Nick: Nathan writes all the lyrics and music. Occasionally we’ll be practicing for a show and he’ll ask us about different lyric options or songs will sort of rework themselves through some practice, but it’s 99 per cent him. It’s nice because I can love all of the songs and brag about them without feeling the slightest bit arrogant.

Where is your favourite venue to perform?

Nick: Two places come to mind. We’ve played a couple shows at The Reach in Abbotsford. They have a grand piano which is always a huge bonus and the natural reverb in that room is incredible. For sound quality and general wow-factor, it’s gold. The Brewpub in Squamish is always a blast. A bar tab and a lot friends making the trip sums it up well enough, I think.
Nathan: I like the Brewpub too. It’s a mini-roadtrip for all of our friends as well. And I get to eat this incredible pulled pork pizza, which I have, in fact, successfully duplicated at home. (Add walnuts!)

When I see your band play, you really light up a room and grab everyone’s attention, so I have to ask: when you were growing up were there any formative concert experiences that showed you how live performance could be something apart from the usual?

Andrew: No specific performances come to mind, but personally, I tend to judge a show based on how well the performer can authentically engage the audience. It’s best when the band and the audience are working together to have a good time.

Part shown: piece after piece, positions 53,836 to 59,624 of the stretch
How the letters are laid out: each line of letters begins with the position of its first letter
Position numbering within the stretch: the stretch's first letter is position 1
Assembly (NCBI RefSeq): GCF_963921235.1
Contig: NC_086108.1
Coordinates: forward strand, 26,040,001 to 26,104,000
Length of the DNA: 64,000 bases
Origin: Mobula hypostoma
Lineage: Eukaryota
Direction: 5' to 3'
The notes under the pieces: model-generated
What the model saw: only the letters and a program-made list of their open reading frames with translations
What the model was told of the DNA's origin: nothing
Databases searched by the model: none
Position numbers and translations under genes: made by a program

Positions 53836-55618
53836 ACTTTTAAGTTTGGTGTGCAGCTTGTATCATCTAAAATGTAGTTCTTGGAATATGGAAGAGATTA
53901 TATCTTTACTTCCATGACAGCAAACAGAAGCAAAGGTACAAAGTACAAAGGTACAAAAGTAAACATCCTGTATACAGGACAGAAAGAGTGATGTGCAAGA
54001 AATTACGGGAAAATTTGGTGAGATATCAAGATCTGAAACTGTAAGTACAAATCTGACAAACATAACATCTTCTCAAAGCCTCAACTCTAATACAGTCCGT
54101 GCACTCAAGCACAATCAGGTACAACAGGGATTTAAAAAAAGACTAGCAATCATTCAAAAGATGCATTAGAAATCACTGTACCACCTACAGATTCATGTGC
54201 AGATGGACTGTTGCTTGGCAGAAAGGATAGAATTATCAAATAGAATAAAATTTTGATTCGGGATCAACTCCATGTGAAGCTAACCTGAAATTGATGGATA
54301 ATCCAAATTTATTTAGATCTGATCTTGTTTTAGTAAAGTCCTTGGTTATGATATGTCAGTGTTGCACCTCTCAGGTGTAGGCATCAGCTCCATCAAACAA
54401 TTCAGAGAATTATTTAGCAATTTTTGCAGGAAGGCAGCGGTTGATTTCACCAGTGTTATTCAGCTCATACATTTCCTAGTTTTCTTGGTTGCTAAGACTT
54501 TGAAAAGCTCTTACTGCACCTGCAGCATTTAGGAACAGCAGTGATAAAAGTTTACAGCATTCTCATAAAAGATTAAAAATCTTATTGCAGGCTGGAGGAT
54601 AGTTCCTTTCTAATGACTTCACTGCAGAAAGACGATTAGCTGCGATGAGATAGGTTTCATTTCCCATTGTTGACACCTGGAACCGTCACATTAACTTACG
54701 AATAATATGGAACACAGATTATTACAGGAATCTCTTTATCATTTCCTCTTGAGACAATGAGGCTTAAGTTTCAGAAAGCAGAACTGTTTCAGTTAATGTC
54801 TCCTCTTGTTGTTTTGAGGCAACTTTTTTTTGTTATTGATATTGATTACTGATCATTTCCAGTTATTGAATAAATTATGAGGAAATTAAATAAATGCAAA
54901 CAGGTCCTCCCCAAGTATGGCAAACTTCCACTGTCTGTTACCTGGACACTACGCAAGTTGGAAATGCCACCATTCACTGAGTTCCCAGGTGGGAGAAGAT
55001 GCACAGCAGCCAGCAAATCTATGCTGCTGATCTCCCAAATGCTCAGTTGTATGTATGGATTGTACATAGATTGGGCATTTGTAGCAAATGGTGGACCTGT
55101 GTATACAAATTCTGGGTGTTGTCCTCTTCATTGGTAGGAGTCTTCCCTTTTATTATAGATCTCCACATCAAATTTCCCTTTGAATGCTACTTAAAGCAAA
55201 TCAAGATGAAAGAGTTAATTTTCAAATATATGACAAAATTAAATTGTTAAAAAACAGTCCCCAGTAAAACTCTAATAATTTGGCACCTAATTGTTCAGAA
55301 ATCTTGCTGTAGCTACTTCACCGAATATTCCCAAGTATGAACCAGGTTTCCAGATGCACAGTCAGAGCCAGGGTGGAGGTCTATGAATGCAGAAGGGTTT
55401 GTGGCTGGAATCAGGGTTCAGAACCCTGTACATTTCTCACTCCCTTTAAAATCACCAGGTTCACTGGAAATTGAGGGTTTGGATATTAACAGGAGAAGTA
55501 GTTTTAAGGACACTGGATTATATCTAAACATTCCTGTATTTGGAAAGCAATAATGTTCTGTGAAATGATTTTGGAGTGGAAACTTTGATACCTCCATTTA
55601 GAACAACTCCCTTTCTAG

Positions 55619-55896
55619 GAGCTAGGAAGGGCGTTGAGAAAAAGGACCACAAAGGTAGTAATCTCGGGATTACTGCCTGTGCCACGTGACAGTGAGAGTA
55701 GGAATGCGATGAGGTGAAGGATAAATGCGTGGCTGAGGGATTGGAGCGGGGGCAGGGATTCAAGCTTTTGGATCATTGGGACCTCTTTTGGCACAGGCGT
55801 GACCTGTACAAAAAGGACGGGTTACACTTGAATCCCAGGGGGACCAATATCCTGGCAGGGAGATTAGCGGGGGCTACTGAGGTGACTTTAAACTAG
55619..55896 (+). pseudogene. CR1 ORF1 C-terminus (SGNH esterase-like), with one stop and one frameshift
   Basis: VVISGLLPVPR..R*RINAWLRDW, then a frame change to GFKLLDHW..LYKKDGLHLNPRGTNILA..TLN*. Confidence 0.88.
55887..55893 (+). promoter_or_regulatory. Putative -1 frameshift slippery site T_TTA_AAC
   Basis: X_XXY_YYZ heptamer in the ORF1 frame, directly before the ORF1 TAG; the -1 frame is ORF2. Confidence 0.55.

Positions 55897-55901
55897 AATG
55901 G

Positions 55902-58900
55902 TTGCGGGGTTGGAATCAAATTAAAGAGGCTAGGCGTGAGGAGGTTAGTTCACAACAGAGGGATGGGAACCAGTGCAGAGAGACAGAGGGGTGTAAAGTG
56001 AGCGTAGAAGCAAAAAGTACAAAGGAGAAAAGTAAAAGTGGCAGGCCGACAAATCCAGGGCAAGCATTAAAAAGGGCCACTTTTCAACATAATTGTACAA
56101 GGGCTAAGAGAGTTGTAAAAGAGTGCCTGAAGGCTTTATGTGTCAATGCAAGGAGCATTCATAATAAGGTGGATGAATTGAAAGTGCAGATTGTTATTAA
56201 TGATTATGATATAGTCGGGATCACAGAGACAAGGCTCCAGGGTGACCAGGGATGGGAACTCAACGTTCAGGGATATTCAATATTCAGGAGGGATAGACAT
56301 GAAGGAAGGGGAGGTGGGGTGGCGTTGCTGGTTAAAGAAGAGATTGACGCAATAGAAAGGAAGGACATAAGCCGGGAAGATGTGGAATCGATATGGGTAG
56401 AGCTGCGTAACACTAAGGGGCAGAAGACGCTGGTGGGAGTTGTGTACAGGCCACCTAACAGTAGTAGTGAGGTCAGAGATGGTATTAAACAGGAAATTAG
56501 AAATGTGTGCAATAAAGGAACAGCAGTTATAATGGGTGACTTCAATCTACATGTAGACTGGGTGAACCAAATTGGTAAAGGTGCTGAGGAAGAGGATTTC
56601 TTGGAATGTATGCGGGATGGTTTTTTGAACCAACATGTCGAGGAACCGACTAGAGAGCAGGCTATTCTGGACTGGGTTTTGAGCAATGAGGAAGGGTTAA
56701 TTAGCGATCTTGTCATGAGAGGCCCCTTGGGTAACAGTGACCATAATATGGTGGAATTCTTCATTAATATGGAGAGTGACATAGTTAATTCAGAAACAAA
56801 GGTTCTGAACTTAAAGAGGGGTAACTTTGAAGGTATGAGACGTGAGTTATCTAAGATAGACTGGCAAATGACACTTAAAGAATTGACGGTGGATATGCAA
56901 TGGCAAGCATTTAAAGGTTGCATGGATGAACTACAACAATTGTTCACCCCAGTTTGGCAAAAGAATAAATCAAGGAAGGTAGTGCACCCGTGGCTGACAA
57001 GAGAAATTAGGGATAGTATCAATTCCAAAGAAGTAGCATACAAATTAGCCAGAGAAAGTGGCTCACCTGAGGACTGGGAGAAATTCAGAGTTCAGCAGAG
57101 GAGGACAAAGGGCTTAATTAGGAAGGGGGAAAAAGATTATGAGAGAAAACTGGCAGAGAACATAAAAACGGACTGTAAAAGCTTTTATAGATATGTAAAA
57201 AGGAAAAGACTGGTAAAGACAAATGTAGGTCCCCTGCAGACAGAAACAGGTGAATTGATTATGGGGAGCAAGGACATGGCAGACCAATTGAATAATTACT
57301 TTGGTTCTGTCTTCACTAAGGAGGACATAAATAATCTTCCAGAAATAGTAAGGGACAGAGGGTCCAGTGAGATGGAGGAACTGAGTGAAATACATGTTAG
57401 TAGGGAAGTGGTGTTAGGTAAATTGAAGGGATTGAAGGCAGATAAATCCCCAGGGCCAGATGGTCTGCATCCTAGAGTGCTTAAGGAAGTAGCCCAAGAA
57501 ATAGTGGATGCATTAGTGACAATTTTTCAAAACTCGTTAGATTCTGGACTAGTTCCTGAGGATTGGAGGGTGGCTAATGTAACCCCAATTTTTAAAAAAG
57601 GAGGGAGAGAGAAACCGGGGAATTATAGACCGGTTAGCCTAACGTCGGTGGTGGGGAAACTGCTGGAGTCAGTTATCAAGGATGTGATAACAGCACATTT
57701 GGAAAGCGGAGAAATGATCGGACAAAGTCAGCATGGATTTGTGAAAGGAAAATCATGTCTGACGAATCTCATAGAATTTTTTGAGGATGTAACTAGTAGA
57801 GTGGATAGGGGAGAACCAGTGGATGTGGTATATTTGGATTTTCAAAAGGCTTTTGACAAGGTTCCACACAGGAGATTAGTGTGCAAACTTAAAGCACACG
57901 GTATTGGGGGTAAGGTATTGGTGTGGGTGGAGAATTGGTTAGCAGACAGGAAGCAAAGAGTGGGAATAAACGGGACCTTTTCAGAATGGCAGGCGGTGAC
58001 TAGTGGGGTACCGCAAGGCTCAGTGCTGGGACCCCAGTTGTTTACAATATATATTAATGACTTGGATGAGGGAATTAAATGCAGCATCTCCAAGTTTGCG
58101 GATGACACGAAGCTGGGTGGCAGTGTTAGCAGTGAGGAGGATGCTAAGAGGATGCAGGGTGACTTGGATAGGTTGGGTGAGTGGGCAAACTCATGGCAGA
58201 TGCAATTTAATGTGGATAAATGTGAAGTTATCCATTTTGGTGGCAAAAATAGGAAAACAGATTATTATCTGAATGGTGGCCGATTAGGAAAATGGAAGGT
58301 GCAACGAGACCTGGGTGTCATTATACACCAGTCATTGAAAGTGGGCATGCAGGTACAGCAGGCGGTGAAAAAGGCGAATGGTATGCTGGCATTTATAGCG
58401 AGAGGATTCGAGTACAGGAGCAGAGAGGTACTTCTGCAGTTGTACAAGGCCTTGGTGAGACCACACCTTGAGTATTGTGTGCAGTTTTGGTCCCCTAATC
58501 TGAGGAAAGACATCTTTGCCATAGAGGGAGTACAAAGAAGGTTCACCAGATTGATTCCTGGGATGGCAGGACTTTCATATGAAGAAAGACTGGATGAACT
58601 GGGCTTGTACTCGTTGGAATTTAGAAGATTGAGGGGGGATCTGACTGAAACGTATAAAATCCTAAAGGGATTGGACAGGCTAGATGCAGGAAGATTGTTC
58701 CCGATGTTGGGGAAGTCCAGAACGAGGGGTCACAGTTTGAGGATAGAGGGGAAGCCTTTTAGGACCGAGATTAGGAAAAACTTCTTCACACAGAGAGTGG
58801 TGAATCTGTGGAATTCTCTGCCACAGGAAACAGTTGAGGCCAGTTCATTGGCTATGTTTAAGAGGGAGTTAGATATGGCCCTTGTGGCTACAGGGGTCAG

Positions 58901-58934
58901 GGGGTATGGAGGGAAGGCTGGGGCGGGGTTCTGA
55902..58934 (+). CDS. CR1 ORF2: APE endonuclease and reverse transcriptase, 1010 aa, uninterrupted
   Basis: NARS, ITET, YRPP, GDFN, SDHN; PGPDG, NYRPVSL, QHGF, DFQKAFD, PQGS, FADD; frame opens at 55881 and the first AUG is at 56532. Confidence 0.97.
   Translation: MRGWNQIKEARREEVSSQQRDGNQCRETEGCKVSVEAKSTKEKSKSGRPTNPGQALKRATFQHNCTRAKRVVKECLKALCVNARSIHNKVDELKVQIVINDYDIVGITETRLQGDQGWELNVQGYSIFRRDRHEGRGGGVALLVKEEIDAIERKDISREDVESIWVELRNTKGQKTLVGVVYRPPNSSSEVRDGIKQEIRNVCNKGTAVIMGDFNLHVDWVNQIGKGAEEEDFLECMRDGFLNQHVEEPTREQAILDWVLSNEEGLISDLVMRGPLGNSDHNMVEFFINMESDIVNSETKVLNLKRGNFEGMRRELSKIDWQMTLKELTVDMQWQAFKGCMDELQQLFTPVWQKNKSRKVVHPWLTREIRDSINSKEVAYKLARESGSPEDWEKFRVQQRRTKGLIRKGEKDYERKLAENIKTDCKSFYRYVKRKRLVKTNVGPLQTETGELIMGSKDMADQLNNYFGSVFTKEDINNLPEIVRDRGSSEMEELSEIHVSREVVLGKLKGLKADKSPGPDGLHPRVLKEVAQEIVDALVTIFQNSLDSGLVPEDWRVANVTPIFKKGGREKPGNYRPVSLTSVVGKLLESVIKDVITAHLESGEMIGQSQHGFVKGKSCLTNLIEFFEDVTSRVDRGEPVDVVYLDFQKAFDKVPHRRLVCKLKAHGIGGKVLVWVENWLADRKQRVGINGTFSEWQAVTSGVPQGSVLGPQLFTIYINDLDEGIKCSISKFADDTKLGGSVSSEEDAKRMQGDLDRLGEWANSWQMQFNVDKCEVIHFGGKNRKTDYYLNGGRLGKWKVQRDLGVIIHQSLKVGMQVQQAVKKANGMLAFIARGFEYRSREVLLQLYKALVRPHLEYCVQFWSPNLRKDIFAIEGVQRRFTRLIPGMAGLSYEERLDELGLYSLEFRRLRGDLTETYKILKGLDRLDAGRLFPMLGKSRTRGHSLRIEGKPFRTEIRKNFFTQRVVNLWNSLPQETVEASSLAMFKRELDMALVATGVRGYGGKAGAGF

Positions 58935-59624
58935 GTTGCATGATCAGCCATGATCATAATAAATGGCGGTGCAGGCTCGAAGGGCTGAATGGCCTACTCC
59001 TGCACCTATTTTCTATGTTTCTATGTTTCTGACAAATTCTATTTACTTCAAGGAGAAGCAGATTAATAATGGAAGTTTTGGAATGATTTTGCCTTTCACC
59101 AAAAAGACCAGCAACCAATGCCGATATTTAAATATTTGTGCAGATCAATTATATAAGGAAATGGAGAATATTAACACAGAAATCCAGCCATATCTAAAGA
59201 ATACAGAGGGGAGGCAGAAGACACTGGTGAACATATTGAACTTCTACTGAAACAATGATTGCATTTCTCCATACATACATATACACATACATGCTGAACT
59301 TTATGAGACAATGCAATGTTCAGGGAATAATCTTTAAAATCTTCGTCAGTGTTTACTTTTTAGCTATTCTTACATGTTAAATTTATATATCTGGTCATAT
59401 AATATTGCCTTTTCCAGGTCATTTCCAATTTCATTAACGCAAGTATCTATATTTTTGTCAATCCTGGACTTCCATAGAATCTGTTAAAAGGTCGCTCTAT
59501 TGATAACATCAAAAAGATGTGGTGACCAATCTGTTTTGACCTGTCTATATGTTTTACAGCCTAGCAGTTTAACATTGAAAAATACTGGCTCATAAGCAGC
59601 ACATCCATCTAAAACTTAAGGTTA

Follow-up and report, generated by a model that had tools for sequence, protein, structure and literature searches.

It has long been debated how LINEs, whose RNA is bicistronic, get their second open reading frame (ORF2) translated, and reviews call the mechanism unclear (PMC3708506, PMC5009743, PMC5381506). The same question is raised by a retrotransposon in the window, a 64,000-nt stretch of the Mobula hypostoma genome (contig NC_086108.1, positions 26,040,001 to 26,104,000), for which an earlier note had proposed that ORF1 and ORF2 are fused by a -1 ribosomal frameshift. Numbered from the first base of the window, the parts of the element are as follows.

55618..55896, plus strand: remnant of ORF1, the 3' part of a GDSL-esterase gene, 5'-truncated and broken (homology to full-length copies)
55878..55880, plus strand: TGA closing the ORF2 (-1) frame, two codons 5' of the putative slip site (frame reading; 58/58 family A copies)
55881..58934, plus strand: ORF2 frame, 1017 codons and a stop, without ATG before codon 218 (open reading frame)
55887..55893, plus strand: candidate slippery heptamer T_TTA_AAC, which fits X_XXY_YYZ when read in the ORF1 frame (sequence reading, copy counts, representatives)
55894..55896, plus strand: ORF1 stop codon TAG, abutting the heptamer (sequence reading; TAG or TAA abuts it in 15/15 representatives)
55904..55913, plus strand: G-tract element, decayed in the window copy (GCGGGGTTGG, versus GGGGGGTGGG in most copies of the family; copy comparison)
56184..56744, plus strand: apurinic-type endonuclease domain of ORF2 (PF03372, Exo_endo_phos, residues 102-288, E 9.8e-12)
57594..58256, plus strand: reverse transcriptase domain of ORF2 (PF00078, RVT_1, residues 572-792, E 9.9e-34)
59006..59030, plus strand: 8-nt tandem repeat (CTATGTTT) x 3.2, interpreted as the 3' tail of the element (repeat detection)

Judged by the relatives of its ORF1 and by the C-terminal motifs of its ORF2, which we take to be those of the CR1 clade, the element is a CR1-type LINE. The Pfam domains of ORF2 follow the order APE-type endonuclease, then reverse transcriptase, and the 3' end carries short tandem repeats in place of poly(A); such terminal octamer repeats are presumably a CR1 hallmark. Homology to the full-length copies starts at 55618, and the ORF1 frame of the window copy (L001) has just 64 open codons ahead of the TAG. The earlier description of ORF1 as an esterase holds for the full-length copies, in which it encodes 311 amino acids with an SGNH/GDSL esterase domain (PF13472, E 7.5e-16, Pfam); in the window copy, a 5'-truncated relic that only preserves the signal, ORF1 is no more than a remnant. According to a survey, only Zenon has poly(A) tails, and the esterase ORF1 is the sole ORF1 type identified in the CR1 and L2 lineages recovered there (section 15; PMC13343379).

Nick: Again, no specific performances. I love to see a band enjoying themselves. If they’re having a good time, I’m usually having a good time too. People feed off the energy.Nathan: I have been watching all of the Peak Performance showcases this year, and I have been surprised with who I have really been captured by. It’s been bands like Current Swell and The Boom Booms who put out this visceral, primal energy that is really, put your hands in the hair and get crazy vibration. Who knew I was into that? Mostly I like to sit down at shows though. Theatre shows. My favourite. Something beautiful. And keep it short since if it gets too long then I want a water to stay hydrated, but then I have to go to the bathroom a couple times, or I might get hungry. Awful, huh? I am a real bad show attendee.

What’s your favourite post-show meal?

Andrew: I don’t know about post-show, but we all love Cielito Lindo in Langley. Mexican food!

What’s your favourite record store?

Andrew: I like Audiophile, on Commercial in Vancouver. The guy who runs the place is really approachable.
Nick: I also like Audiophile.
Nathan: Value Village?

Who have you been listening to lately?

Nathan: Jordan Klassen, Ron Sexsmith, David Bazan, Charles Bradley.
Andrew: James Blake and Ray LaMontagne, mostly.
Nick: Anything I haven’t listened to in a while. Also, Fleet Foxes and recently some Elliot Smith.

What are your plans for the band moving forward?

Andrew: Mega-stardom.
Nick: What he said.
Nathan: A quiet life. With a pretty wife.